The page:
If you're in Washington state, if you're declined by the insurance company, you can enroll in the State's insurance pool plan. Depending on what state you live in.
In the state of Georgia, yes. If you live in Georgia and apply for individual health insurance, you can be denied if you or a member of your family has herpes and treats it with an expensive prescription. Even if the person was previously covered by the company under a group health plan.
Same situation in Minnesota also.
Given that the vast majority of the adult population has herpes, either orally or genitally, it would appear that the key is diagnosis. Some 80+% of adults have oral herpes and 25% has genital herpes. This is a complex issue, really, since most infected people don't know they have it, but are contagious at times.
Under the provisions of the Patient Protection and Affordable Care Act (aka "ObamaCare"), this would be considered a pre-existing condition, and could not be used as a basis to deny you coverage. This particular provision went into effect in 2014, and is applicable to ALL health insurance plans offered.
With the passage of the Affordable Care Act (Obamacare), pre-existing conditions are no longer a barrier to health insurance coverage.
"Depending on your health insurance, you may or may not be covered for herpes medication. If your policy includes prescription drugs, then you should be covered."
You should be able to, herpes isn't a life threatening illness.
Herpes can't be diagnosed in underwear.
It is not likely to be mis-diagnosed with herpes, but it is possible. Cultures are the most reliable test; blood tests are less reliable.
Yes, herpes is not good for your health.
Herpes doesn't die, nore does the person diagnosed with it. The common types of herpes are not life threatening.
From my personal expierience, yes it is. I found out I had genital herpes in April and I had health insurance, but lost my job a week later and the insurance was dropped. Now that its August, I tried to get health insurance with FL BCBS and after I paid them (conveniently), they sent me a letter saying they can't cover me due to a pre existing condition. The only "condition" I have is genital herpes. So I would tell you yes they do.
Health problems are not connected to herpes. Some health problems can trigger break outs but they are not the actual cause of herpes.
With the passage of the Affordable Care Act, "pre-existing conditions" are no longer a barrier in health insurance.
Herpes is diagnosed via examination, culture, and less frequently by blood tests.if you haven't had an outbreak simply ask your doctor to run a test for HSV2 to see if you have herpesAn HSV culture from an affected genital site--preferably on the first day of the outbreak--can test for herpes simplex.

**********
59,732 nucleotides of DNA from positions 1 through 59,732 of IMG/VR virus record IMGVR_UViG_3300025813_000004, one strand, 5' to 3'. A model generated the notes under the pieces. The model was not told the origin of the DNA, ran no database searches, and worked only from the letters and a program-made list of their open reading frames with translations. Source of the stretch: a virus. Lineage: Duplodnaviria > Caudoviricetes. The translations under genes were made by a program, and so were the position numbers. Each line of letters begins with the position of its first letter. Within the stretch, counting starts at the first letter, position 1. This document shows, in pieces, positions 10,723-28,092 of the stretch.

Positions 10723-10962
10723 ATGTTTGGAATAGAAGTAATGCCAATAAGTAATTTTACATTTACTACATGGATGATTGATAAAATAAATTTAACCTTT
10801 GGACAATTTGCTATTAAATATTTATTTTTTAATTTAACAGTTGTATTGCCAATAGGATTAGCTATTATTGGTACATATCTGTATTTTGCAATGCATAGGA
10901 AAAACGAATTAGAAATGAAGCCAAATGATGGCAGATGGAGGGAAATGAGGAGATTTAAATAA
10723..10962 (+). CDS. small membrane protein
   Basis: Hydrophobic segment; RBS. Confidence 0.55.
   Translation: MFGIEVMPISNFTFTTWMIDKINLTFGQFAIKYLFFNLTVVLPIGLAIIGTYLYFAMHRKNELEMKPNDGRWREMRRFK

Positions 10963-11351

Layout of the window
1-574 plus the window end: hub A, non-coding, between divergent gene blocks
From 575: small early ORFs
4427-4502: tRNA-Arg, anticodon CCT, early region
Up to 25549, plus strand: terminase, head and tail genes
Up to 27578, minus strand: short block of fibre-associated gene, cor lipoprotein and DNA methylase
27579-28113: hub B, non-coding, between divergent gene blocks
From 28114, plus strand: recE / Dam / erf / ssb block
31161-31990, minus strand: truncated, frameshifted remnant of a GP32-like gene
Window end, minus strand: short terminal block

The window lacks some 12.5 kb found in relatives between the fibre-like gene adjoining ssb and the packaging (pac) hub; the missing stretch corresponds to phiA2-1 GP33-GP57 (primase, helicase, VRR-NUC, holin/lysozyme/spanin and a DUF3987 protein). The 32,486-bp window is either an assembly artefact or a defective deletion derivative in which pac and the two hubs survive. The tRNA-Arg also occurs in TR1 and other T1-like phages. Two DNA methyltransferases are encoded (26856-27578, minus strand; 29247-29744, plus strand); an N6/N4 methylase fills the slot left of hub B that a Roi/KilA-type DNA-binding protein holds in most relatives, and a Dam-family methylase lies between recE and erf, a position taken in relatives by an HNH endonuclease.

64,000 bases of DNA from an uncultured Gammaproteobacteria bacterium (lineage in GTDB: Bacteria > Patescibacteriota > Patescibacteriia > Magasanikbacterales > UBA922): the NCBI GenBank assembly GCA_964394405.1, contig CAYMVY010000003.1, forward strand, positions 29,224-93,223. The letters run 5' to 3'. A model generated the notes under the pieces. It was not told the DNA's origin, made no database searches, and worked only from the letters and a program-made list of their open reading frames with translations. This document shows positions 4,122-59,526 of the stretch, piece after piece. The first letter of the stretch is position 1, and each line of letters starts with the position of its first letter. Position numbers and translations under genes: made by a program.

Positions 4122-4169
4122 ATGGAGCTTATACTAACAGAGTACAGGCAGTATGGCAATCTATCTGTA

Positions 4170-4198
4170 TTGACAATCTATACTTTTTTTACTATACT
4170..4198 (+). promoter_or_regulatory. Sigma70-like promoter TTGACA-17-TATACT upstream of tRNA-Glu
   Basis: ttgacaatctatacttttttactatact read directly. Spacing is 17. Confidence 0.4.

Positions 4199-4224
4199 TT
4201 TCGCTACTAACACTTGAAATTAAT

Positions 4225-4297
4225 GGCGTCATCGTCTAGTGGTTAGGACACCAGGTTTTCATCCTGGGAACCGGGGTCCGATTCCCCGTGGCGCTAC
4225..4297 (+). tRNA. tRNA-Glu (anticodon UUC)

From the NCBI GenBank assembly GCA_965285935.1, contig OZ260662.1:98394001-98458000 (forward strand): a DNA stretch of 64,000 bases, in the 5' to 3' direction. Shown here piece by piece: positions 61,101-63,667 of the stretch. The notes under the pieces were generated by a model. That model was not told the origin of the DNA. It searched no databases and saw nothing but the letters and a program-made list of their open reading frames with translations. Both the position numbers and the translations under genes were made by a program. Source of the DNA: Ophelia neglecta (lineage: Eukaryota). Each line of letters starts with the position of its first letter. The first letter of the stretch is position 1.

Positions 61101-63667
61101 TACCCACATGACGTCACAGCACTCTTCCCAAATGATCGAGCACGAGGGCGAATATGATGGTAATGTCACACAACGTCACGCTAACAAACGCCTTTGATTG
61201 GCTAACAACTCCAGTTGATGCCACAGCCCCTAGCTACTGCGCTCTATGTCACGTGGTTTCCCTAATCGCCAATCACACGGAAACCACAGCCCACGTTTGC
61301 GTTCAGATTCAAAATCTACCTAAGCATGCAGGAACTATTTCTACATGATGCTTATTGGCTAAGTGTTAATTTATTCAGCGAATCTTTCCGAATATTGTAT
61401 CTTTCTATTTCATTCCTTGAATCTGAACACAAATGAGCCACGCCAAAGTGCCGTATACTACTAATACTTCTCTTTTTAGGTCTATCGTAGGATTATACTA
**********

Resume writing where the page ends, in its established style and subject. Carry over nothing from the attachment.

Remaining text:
More than 1/2 million in the US are diagnosed annually.
Generally speaking, there are no serious health consequences from the herpes virus.
About 1 in 4 people have herpes in North America. About 1 million people are diagnosed with it each year and about every 30 seconds some one is diagnosed with it.
Herpes can be diagnosed with a culture from the sores or lesions or if the incubation period has passed (about 12 weeks from exposure) you can get a herpeselect blood test.
You can have herpes if you contracted it from someone else who had it. If she doesn't have it, you can't get it from her. But just because she isn't diagnosed with it, it doesn't mean that you don't have it, as you can have gotten it from someone or somewhere else. Moreover, if you have it, you CAN give it to her. Make sure you don't do that.
Any one that has sex can get herpes, but it is more common in women. About 1 in 4 women have herpes and about 1 in 5 men have herpes. About 500,000 to a million cases are diagnosed each year.
Aids and herpes
Yes, there are millions of health care providers with herpes.
Absolutely...A family member was just diagnosed with genital herpes and two days later she was hospitalized with viral meningitis.
Genital herpes in men usually present no long term health effects.
There are 2 ways that herpes can be diagnosed. If you don't have any signs or symptoms of a break out then a blood test can be done 6-8 weeks after being exposed to herpes. If you have a break out in progress then a doctor can take a swab culture of a sore or blister and have it tested for herpes.
Herpes simplex virus type 1 is more commonly diagnosed in oral herpes, but both type 1 and type 2 can infect the mouth, genitals, or other body parts. Type 1 is less likely to recur than type 2.
the doctors makes you pull down your pants so they can take a "little" look:)